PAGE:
Claremont Junior Sports League's future up in the air
A group of volunteers known as the Junior Sports League run activities in the building such as roller skating on Fridays and Sundays. The city also uses the building for basketball games.
Yvonne Shuey, Chairwoman of the Junior Sports League Board, said she and the other volunteers that manage the building are devastated by what Neilsen has said. Accusations of there being mattresses on the floor on the third floor of the building are untrue, she said.
Management of the building is under city scrutiny after funds increased dramatically to the Junior Sports League over the previous 18-month budget.
The city started using the building for other uses more than 50 years ago when Neilsen was just a child growing up down the street from the former armory, he said.
Shuey said the Junior Sports League works hard to maintain the building and refinishes the floors every summer. The JSL also runs state background checks on every volunteer, she said.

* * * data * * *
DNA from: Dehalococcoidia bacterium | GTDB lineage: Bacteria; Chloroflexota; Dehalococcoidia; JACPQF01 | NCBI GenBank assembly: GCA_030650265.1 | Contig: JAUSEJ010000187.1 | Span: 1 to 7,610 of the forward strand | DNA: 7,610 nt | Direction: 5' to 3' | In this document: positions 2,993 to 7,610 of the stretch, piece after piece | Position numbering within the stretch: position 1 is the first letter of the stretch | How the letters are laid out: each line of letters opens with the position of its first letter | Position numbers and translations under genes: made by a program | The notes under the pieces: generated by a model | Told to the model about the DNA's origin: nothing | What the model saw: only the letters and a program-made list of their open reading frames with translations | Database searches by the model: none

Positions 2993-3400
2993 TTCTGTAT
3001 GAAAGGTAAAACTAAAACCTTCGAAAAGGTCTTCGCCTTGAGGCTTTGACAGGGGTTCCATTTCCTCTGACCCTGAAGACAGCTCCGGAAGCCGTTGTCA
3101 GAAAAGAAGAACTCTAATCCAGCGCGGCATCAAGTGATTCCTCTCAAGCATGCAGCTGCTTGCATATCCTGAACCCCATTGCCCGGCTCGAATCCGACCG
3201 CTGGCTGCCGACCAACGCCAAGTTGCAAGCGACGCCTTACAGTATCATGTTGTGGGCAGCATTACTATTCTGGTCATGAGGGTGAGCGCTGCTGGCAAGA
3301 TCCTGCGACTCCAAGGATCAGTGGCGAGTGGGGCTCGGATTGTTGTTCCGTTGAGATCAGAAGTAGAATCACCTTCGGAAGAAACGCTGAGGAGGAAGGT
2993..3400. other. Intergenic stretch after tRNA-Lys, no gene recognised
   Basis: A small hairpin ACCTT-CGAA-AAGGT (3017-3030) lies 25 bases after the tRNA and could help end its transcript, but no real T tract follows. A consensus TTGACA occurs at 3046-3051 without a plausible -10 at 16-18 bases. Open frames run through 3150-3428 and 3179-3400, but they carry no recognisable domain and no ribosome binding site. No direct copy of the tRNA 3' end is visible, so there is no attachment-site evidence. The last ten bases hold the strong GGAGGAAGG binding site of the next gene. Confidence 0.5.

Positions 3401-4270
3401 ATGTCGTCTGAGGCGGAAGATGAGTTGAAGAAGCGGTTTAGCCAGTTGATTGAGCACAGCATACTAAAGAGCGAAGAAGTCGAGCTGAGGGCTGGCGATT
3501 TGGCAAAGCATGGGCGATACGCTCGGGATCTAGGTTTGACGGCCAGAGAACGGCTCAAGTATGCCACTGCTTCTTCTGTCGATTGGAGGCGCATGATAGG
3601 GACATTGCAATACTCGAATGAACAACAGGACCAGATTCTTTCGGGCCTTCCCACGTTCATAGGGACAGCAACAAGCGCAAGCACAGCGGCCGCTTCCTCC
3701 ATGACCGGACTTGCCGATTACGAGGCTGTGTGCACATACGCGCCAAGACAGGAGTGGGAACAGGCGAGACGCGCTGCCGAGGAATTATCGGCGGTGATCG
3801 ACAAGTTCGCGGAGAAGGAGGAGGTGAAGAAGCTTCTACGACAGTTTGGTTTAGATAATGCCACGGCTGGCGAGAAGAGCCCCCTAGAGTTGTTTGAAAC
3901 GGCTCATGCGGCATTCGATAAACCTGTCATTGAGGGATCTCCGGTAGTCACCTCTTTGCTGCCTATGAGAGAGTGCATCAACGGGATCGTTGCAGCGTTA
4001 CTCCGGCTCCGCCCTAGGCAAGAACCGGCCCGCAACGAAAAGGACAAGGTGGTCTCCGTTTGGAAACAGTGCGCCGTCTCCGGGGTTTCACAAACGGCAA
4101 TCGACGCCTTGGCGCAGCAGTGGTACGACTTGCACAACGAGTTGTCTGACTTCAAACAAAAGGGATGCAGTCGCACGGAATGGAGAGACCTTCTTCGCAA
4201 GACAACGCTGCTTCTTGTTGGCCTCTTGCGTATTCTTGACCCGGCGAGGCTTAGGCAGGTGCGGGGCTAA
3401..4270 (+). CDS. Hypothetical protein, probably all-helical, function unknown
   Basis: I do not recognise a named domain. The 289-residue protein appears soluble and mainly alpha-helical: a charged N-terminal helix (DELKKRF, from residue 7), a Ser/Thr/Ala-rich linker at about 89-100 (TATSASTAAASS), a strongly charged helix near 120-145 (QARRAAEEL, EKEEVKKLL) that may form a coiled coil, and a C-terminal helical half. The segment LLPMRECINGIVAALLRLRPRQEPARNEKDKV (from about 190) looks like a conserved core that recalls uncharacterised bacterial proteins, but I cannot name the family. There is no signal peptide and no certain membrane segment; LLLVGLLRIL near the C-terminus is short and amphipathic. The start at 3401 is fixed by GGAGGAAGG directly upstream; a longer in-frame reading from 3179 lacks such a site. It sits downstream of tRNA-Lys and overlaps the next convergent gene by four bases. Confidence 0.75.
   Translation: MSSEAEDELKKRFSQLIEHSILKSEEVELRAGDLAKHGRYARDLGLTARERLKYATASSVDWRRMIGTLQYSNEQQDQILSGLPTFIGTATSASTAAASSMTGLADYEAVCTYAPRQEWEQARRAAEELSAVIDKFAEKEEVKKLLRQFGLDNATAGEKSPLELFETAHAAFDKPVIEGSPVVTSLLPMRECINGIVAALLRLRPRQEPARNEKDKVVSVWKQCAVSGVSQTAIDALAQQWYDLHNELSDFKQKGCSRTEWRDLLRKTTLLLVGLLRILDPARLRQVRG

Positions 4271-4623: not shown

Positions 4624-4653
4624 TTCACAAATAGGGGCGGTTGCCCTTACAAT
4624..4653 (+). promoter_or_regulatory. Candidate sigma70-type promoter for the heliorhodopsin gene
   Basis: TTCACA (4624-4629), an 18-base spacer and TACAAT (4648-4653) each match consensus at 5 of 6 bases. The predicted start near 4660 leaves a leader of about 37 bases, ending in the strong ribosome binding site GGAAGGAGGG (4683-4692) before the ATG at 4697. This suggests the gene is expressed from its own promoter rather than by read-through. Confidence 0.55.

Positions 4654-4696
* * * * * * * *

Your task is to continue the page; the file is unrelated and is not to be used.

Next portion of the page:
Skating at $3.50 a child is offered Friday nights and Sunday afternoons during the school year.
“Cause we’d rather them be inside skating, than up on Pleasant Street getting in trouble,” Shuey said.
The volunteers care about the children and want to continue to offer a safe, fun place for children, she said.
Friday night attendance ranges from 30 to 90 children, she said. If the heat and electricity is not funded, the JSL cannot resume roller-skating in the fall, she said.
There were bed sheets covering the windows, as if to make sure light coming from the room isn’t seen at night, Neilsen said.
The room also appeared to have black mold, he said.
In reviewing the Junior Sports League, city officials also learned that Shuey had up until recently been renting part of the building for her ceramics businesses at a low rate and some months for in-kind cleaning services.
Shuey said she only ran the make-your-own ceramic business in the building five hours a week. It was an activity for children, and if a child couldn’t afford it, she would let them do it for free.
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